TOKYO -- Tohoku Electric Power has negotiated a 17% drop in the price of imported coal this fiscal year, likely setting off a trend that will spread to other utilities and help push down Japanese electricity prices.
The company reached the agreement with Anglo-Australian resource giant Rio Tinto. Australian coal will sell in the upper $67 range per ton -- about half of the $130 peak marked in fiscal 2011 and the lowest in eight years.
Power companies in Japan buy 60-70% of their coal under annual contracts, a majority of which start in April.
Tohoku Electric had negotiated prices with Glencore of Switzerland until last fiscal year, but the two sides could not come to terms this time around. Going forward, Rio Tinto may handle price talks for producers.
The supply-demand balance for coal is loosening. Imports by China, the world's top consumer, were down 50% on the year in the first two months of 2015 on an economic slowdown and tighter environmental regulations. But producers in Australia, Russia and elsewhere are stepping up output amid a tailwind of weak home currencies.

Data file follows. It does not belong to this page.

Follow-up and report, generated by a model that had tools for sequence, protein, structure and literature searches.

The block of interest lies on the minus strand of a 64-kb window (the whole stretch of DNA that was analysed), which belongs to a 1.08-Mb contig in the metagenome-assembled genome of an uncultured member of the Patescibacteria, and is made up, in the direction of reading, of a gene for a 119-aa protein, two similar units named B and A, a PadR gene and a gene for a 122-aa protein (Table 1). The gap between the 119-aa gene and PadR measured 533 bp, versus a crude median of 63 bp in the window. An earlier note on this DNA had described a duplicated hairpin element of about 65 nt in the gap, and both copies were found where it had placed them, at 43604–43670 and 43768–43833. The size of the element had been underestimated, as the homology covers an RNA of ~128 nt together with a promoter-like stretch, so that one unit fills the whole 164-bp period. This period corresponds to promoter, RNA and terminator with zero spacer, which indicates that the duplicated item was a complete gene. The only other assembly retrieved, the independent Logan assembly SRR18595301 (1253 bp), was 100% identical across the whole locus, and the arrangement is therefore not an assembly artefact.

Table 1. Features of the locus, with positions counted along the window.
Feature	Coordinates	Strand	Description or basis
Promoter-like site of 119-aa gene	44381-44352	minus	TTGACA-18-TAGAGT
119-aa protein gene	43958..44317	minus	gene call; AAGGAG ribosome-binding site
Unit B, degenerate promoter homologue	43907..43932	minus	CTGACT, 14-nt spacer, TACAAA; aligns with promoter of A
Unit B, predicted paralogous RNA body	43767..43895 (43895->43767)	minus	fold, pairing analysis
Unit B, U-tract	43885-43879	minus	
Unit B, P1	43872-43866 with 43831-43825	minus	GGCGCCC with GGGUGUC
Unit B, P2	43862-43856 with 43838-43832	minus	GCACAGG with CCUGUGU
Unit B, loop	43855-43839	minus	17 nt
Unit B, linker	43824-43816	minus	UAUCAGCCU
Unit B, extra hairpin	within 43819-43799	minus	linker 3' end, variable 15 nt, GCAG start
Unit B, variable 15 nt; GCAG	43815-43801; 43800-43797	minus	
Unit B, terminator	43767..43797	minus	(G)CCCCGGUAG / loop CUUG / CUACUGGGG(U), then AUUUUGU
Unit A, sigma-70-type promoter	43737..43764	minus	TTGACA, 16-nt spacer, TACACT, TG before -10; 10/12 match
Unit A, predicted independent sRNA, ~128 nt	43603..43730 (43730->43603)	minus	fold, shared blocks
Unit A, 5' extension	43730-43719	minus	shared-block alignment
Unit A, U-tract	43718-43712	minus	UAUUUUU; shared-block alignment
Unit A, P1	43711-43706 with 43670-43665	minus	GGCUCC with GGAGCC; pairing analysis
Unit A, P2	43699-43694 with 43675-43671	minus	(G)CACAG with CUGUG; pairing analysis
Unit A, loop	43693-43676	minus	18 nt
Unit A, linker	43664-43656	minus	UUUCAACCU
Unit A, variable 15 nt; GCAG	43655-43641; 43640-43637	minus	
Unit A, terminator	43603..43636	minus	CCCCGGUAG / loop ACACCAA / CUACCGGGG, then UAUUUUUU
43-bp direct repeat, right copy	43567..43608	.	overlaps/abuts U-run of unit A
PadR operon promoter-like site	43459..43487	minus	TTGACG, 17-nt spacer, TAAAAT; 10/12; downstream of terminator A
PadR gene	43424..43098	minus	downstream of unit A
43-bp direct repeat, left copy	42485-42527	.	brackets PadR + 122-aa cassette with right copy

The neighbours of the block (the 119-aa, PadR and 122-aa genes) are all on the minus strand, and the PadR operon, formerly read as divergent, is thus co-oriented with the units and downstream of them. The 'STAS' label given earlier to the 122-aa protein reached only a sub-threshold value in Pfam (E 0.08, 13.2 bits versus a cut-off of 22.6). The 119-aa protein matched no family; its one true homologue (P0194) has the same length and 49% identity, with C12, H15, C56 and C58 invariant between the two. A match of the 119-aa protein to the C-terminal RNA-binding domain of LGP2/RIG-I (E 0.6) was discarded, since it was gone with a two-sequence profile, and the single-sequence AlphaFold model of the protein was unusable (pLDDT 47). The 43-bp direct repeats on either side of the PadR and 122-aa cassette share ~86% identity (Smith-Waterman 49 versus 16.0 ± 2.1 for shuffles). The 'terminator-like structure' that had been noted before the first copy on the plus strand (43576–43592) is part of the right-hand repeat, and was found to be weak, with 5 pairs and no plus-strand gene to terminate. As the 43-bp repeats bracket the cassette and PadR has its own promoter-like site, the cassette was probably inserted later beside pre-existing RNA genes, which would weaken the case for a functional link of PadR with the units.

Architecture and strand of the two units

Japanese imports of steam coal jumped 20% over five years to reach more than 108 million tons in 2014. With the nation's nuclear plants slow to restart, coal-fired plants are running at nearly full capacity. The fuel is a cheaper alternative to liquefied natural gas.
Electric utilities, trading houses and gas companies are moving to build more coal-burning plants to secure cheap power as Japan prepares to open up its retail electricity market next year.
Tokyo Electric Power cut household electricity rates this month in light of cheap crude oil. Lower coal costs will likely more than offset the negative impact of the Japanese currency's slide against the dollar, pushing down the utilities' fuel costs further.